15.2 C
Byron Shire
May 9, 2021

Tweed Council wins award for river erosion control

Latest News

Join Clarkes Beach paddle out this weekend to stop massive oil and gas field project

Hundreds of local surfers and water-lovers will paddle out at Clarke’s Beach over the weekend to protest against a massive oil and gas field proposed for the NSW coast.

Other News

Belongi Spit

John Lazarus, Byron Bay An update on proposed development of the Belongil Spit site, for the information particularly of those...

Meet local firies and save lives, including your own

Meeting local firefighters and learning about home fire prevention is really important and more so in recent times and into the future.

Rous County Dam

Jo Faith, Newtown Strong objections to the proposed development of this dam have been articulated by the Indigenous Heritage First...

Board defends its management of Mullum Rural Co-op

The issue of potential fraud and financial mismanagement was a key part of the response from Mullumbimby Rural Co-op...

More money for Byron Shire roads and bridges

The NSW government has announced almost $5 million dollars in funding for Byron Shire infrastructure.

Miracles left, right and centre?

It's emerged Scott Morrison had used a taxpayer-funded VIP jet to attend a Pentecostal conference on the Gold Coast.

Before: the state of the Oxley River bank after ex-tropical cyclone Debbie last year. Photo TSC

Tweed Shire Council has won a 2018 Local Government NSW Excellence in the Environment award for its innovative Oxley River bank erosion stabilisation project.

The project, at Eungella, was recognised under category the ‘Natural Environment Protection and Enhancement: On-Ground Works’.

The project, which was completed this time last year, involved working together with three private landowners bordering Oxley River to reconstruct the eroding riverbank.

Ex-tropical cyclone Debbie left extensive damage and severe bank erosion at two sites, with banks left about seven metres high and prone to further slumping and erosion.

What was unique about the project?

After: The reshaping of the river bank and installation of the recycled logs will prevent further erosion. Photo TSC

After levelling off the banks, some 250 recycled hardwood logs – some with root balls still attached to stabilise them – were installed four metres into the river bed to provide bank protection and capture further sediments.

The logs were sourced through vegetation management contractors working on the Pacific Highway upgrade between Woolgoolga and Ballina.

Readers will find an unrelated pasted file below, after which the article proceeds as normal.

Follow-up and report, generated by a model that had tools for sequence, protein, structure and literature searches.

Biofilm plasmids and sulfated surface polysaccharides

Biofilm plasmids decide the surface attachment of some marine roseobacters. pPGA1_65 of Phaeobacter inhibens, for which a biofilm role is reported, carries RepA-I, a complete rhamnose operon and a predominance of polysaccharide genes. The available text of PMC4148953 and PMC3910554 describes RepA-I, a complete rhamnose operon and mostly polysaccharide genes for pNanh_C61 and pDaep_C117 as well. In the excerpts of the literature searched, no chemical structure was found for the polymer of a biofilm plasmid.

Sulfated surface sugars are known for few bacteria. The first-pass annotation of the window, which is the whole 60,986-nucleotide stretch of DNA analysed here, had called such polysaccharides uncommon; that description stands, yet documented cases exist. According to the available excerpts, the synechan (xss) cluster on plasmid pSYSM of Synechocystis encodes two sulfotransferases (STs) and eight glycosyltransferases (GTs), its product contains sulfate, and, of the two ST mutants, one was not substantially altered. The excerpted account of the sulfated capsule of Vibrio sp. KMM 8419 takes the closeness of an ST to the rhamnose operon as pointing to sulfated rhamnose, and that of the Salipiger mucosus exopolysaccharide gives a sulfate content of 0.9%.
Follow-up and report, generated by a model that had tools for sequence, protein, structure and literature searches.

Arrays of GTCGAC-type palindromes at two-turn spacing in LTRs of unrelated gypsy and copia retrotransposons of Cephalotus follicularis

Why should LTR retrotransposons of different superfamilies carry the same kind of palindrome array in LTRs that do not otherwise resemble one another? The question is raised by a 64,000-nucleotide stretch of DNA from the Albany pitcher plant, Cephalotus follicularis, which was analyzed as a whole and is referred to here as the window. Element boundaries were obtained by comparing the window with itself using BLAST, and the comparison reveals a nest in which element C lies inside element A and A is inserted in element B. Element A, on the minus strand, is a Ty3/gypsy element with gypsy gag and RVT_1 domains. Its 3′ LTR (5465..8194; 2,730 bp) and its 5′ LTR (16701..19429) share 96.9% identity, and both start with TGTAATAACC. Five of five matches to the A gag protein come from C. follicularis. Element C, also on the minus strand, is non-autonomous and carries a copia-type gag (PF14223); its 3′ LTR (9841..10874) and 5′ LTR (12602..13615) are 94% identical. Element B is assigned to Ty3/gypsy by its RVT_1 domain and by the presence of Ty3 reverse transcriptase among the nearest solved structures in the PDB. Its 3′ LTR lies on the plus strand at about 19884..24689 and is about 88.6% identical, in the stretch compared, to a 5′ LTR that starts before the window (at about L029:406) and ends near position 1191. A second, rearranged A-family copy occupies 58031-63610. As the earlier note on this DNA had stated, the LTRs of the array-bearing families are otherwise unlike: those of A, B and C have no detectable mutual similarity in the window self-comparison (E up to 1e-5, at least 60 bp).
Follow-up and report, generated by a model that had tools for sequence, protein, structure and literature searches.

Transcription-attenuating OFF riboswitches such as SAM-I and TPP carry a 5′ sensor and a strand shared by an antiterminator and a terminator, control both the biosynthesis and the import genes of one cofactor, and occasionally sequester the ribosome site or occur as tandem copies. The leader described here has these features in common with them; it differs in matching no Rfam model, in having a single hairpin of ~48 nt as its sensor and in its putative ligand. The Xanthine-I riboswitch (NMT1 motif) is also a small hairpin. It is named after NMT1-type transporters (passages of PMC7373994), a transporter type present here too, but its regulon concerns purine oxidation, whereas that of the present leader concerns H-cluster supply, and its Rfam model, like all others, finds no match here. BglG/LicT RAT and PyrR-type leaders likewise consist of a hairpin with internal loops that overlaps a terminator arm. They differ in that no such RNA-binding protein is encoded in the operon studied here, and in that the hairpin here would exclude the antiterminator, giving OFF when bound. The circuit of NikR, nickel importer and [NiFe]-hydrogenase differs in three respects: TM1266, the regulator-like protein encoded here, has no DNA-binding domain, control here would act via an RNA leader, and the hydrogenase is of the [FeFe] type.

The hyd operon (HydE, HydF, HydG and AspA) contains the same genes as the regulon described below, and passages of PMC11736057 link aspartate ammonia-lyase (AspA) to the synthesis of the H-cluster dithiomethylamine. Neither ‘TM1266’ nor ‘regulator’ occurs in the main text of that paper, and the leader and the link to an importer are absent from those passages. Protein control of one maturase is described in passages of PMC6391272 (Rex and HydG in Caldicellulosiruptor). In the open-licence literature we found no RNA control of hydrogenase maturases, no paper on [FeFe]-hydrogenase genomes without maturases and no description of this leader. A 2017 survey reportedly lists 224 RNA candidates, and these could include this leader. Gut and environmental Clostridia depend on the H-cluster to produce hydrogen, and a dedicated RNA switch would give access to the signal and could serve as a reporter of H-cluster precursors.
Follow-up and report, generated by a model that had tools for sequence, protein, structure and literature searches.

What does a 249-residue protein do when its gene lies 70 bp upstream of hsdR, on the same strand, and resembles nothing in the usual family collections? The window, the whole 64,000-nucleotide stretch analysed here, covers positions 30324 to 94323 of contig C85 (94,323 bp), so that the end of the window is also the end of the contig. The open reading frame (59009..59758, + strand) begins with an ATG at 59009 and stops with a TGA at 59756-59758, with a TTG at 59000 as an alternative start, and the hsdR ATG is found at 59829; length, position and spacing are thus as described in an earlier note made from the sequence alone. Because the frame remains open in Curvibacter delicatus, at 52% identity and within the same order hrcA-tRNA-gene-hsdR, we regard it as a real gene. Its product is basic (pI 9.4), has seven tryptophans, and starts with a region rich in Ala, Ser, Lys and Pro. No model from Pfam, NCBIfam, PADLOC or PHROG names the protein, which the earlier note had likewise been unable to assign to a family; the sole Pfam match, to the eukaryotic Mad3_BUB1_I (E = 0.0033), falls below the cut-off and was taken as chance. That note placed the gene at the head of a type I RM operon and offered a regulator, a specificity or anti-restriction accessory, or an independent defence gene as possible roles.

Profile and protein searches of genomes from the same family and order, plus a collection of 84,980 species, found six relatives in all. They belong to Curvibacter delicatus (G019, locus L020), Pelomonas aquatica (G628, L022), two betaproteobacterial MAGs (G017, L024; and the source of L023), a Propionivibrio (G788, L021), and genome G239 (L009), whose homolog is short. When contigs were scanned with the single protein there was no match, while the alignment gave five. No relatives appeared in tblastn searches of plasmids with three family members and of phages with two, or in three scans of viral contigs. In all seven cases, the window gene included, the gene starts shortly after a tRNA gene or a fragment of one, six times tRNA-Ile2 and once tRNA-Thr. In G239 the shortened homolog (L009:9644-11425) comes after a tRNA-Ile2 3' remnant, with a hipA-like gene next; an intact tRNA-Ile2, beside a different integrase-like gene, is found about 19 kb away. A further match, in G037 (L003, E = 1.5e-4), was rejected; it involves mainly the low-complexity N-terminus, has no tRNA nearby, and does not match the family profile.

Tweed’s community and natural resources director Tracey Stinson said it was ‘wonderful that these majestic big trees are being recycled and put to such good use’.

She added the landowners had been ‘glowing in their appreciation, as the productivity of their farms has increased [and] they are not going to lose swathes of land to the river each time it floods’.

As part of the project, the Oxley River banks were battered to a stable grade and covered with erosion control matting. More than 2,000 native trees, shrubs and groundcovers were planted to provide long-term stability.

Riverside fencing was also installed to exclude stock from the two project sites.

Council says that since the works were completed, both sites have been extremely successful in preventing further erosion.

The project was funded through Tweed Council’s River Health Grant program, which aims to protect and improve water quality in the Shire’s drinking water supply catchment.

Support The Echo

Keeping the community together and the community voice loud and clear is what The Echo is about. More than ever we need your help to keep this voice alive and thriving in the community.

Like all businesses we are struggling to keep food on the table of all our local and hard working journalists, artists, sales, delivery and drudges who keep the news coming out to you both in the newspaper and online. If you can spare a few dollars a week – or maybe more – we would appreciate all the support you are able to give to keep the voice of independent, local journalism alive.


  1. Why are they cutting down trees for this to put in the bank. The water has to get away so when the current slows down on one side it would speed up on the other side.
    Why are they not planting trees as the root system holds the soil together.

    • Did you read the article? The logs were sourced from the Pacific Highway upgrade so were already cut down (bad) but now have been put to good enviornmental effect (good). The work done is precisely to reduce the energy of the water on this bend and 2000 plants have been planted.

    • Absolutely agree Jimbo. It’s trees and roots that’s needed not chopped up trees. A misunderstanding of nature has occurred here


Please enter your comment!
Please enter your name here

Man dead after boat capsizes near Yamba

Police say a man has died and a second has been taken to hospital after a boat capsized south of Yamba this morning.

Jonson Street bus shelter gone and an era ended

Byron Shire Council says that the wooden bus shelter on Jonson Street outside the Byron Visitors Centre is being removed today with all bus services operating from the new bus interchange on Butler Street in Byron Bay

Upside down river

Tim Harrington, Lennox Head Letter contributor Richard White (letters 21/4/21) quite correctly identifies the Richmond River as an ‘upside down river’ and nowhere is this more...

Ballina Dragons’ great results at Urunga

The Ballina Dragon Boat Racing Club is a group of paddling people from all walks of life who enjoy being out on the water having fun and keeping fit.